The week started with a discussion of what myths and legends are, and the children were tasked with finding books which fitted the definitions from their bookshelves. Although there were a few false starts, with Beast Quests, modern fairy stories, and The Hobbit selected, eventually we settled on a selection of myths and legends for the week's project.
|A Selection of Myths and Legends|
The Usborne young reading series are a great way to introduce classic tales to the children, accessible with colourful pictures, and ideal for them to read on their own. We didn't cover it this week, but Beowulf has long been a favourite of Solomon's from the series. Great Stories from British History brings together about 100 tales from British history, with some more rooted in fact (e.g., the Higgs boson) than others (e.g., Gogmagog and the exiles of Troy), again colourful and accessible to the children. In particular we wanted to introduce Hereward the Wake, as it is a legend set in the local area. Finally, Norse Myths:Tales of Odin, Thor and Loki is an anthology for older children with fewer pictures, but one we bought to read with them to help them improve their reading.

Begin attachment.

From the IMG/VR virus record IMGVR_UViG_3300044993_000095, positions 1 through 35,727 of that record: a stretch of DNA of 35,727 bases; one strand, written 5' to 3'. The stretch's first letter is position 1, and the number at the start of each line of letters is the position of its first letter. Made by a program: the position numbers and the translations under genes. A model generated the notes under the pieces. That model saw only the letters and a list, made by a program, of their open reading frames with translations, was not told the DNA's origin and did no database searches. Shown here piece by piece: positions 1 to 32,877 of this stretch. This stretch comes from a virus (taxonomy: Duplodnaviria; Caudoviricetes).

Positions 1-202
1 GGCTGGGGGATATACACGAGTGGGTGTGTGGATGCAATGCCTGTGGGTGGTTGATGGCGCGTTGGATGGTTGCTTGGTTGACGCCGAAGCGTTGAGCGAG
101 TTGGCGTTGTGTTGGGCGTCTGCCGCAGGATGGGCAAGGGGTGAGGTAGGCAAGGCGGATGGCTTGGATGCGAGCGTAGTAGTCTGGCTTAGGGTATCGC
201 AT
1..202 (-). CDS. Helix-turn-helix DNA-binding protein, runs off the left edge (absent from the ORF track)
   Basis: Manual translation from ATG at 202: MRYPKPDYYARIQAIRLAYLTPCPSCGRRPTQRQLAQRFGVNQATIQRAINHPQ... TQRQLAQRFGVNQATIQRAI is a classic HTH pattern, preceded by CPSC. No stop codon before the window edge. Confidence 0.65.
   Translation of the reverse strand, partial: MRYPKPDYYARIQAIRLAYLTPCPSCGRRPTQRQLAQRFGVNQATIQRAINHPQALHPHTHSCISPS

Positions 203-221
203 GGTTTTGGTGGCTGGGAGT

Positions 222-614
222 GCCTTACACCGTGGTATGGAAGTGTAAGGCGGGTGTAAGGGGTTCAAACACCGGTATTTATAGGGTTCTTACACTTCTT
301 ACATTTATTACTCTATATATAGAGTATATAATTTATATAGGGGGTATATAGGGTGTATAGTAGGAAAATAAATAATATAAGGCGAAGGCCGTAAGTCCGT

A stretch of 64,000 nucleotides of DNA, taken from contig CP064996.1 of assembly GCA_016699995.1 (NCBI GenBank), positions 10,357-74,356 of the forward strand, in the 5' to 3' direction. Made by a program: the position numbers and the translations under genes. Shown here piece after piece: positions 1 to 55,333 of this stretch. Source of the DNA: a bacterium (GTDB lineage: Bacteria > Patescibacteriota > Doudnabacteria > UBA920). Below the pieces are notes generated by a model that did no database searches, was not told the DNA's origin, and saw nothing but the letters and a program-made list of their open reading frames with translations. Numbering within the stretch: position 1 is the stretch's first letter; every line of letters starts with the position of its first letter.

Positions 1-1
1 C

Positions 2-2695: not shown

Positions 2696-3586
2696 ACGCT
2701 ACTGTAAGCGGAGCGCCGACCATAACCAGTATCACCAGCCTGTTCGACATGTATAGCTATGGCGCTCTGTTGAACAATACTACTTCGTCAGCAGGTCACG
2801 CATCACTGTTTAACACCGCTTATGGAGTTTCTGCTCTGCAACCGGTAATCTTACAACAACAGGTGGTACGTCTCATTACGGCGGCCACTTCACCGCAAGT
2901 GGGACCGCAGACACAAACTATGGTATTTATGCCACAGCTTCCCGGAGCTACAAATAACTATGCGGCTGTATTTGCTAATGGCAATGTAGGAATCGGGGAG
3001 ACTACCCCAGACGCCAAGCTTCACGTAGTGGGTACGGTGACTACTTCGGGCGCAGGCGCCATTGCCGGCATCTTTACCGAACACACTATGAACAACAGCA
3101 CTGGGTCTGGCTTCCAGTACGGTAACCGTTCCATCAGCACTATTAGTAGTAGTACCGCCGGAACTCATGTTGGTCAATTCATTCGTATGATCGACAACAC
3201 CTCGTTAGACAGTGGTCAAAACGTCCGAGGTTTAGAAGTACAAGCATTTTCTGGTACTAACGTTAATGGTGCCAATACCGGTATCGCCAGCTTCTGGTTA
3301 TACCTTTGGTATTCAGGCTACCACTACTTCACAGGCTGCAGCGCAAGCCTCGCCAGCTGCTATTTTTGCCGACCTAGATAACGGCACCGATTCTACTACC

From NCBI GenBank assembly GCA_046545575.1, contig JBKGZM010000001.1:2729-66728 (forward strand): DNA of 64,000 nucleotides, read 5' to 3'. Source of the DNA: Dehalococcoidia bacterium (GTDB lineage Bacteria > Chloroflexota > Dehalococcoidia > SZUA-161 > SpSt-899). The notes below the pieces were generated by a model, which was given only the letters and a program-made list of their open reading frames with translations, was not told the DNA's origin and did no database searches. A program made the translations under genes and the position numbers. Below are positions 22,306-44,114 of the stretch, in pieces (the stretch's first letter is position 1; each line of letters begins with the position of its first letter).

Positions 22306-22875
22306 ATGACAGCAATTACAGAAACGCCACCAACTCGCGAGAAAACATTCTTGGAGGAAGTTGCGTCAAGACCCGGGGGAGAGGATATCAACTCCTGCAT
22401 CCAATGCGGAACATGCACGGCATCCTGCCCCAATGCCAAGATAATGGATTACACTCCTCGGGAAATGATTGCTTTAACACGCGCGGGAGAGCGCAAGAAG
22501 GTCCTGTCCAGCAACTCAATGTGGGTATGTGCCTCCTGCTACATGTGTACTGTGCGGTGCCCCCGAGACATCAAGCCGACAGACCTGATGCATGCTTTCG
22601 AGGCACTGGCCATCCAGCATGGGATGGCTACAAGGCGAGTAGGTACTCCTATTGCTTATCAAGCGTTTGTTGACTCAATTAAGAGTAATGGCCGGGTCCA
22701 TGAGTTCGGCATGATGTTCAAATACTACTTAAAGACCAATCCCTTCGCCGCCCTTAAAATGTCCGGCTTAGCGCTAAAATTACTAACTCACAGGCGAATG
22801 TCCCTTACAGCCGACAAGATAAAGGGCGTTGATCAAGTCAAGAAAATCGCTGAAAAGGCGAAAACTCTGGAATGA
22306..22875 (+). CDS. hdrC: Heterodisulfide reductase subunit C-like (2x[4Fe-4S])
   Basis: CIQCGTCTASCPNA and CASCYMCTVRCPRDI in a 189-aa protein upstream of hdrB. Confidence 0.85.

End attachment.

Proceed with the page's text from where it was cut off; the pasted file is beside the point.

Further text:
As their mother comes from Sunderland, they were also introduced to tales of the Lambton Worm, reading the book, listening to the song, and making their own worms.
Finally, the children were tasked with creating their own mythical creatures:
|Solomon's "Scillyhiggler" and Monica's "Rubbers"|
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